Student Games, Navigation Research as Cancer Study Wraps Up

Expedition 56 Flight Engineer Ricky Arnold
Expedition 56 Flight Engineer Ricky Arnold works with a student-designed experiment using NanoRacks commercial science hardware. The study is researching the impacts of microgravity on tissue regeneration, concrete properties, antibiotics, and growth of plant, fungi, and bacteria. The research introduces students to the principles of space science.

The six-member Expedition 56 crew was busy Tuesday juggling science hardware maintenance and a variety of research work. The orbital residents are also helping students contribute to space research and testing an ancient navigation technique.

A cancer study wrapped up last week and astronaut Serena Auñón-Chancellor stowed the life science gear today used during operations inside the Microgravity Science Glovebox. The AngieX Cancer Therapy experiment looked at endothelial cells as a potential test model for developing safer and more effective vascular-targeted drugs. The research samples were sent back to Earth Friday inside the SpaceX Dragon cargo craft for scientific analysis.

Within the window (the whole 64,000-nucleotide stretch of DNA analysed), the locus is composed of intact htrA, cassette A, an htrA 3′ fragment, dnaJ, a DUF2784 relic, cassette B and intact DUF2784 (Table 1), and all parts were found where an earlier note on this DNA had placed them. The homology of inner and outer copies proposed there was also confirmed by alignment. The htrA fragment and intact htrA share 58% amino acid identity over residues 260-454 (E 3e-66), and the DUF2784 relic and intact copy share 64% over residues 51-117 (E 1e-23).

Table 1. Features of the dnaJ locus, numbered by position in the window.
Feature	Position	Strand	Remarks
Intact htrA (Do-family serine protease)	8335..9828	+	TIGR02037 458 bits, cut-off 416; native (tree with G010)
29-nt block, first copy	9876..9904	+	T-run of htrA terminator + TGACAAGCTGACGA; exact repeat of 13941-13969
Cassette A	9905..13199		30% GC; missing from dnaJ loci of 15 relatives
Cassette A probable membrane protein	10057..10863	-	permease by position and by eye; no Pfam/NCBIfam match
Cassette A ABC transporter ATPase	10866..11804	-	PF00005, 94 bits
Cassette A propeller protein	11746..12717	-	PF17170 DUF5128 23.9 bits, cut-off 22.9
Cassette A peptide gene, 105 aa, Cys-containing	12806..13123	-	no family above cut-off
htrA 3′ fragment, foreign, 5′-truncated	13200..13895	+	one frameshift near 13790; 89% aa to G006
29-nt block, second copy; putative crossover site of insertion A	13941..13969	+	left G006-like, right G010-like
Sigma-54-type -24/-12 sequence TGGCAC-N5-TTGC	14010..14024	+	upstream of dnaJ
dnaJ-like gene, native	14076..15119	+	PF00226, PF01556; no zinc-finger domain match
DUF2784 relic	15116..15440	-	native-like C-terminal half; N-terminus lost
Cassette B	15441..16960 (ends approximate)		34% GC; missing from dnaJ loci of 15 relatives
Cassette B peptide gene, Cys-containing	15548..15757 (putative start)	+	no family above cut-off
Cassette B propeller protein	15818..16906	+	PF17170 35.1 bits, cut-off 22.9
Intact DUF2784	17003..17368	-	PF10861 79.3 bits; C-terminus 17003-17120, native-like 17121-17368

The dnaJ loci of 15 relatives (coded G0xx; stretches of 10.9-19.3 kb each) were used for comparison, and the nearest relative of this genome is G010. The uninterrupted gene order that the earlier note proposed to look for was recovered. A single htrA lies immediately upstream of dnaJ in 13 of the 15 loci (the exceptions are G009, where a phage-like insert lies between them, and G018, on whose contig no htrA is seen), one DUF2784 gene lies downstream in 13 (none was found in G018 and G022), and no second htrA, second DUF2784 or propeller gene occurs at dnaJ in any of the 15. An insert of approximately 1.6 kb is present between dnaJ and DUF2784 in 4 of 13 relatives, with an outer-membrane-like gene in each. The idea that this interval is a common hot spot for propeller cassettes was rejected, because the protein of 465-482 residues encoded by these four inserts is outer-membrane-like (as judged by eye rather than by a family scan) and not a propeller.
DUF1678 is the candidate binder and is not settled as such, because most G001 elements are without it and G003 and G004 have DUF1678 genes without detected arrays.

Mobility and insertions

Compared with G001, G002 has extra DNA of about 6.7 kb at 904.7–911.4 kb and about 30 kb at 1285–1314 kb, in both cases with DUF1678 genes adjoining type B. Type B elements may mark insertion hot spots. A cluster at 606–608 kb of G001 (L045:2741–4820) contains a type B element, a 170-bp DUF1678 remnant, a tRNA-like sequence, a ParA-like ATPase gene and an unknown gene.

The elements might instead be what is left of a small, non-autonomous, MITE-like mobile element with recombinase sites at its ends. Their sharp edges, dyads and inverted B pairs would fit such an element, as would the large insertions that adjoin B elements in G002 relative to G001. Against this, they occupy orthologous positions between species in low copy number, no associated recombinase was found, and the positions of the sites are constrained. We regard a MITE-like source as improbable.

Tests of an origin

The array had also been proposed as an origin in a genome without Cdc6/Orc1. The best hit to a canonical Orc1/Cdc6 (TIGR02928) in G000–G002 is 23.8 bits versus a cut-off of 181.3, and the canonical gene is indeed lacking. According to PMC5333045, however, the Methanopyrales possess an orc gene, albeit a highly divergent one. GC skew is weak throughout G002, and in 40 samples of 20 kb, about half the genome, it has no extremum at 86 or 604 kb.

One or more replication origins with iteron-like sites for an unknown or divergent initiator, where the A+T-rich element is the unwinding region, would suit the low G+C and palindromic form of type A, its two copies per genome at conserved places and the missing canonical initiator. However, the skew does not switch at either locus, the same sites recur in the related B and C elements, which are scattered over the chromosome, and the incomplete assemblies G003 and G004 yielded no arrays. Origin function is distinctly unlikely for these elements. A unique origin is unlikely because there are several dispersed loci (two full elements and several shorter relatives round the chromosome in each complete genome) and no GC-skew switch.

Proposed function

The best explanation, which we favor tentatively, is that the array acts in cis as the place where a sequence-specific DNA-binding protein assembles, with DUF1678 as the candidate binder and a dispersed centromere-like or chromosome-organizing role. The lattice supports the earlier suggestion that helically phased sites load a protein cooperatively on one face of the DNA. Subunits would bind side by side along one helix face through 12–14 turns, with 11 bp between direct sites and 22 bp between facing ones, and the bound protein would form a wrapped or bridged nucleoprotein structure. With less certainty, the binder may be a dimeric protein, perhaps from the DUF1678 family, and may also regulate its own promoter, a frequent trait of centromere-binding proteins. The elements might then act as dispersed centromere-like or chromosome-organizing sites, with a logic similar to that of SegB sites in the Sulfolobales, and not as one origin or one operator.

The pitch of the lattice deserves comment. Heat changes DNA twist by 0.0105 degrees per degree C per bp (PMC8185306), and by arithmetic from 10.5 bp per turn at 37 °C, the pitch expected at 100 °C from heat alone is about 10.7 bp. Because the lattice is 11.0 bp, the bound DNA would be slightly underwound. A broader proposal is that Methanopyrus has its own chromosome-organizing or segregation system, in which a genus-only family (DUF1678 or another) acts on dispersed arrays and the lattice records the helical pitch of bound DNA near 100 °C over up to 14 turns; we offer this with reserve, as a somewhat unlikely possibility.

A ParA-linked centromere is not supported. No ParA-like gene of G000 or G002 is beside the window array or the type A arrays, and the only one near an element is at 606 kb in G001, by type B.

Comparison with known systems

Commander Drew Feustel and Flight Engineer Ricky Arnold are getting a pair of tiny satellites, known as SPHERES, ready for a student competition. Middle school students in the United States are competing to write the best algorithms that will operate the SPHERES simulating a mission on Saturn’s moon Enceladus.

German astronaut Alexander Gerst of ESA (European Space Agency) explored using a sextant with star maps as an emergency form of navigation in space. The study will provide insights that mission planners will use on future Orion spaceflight missions farther away from Earth.


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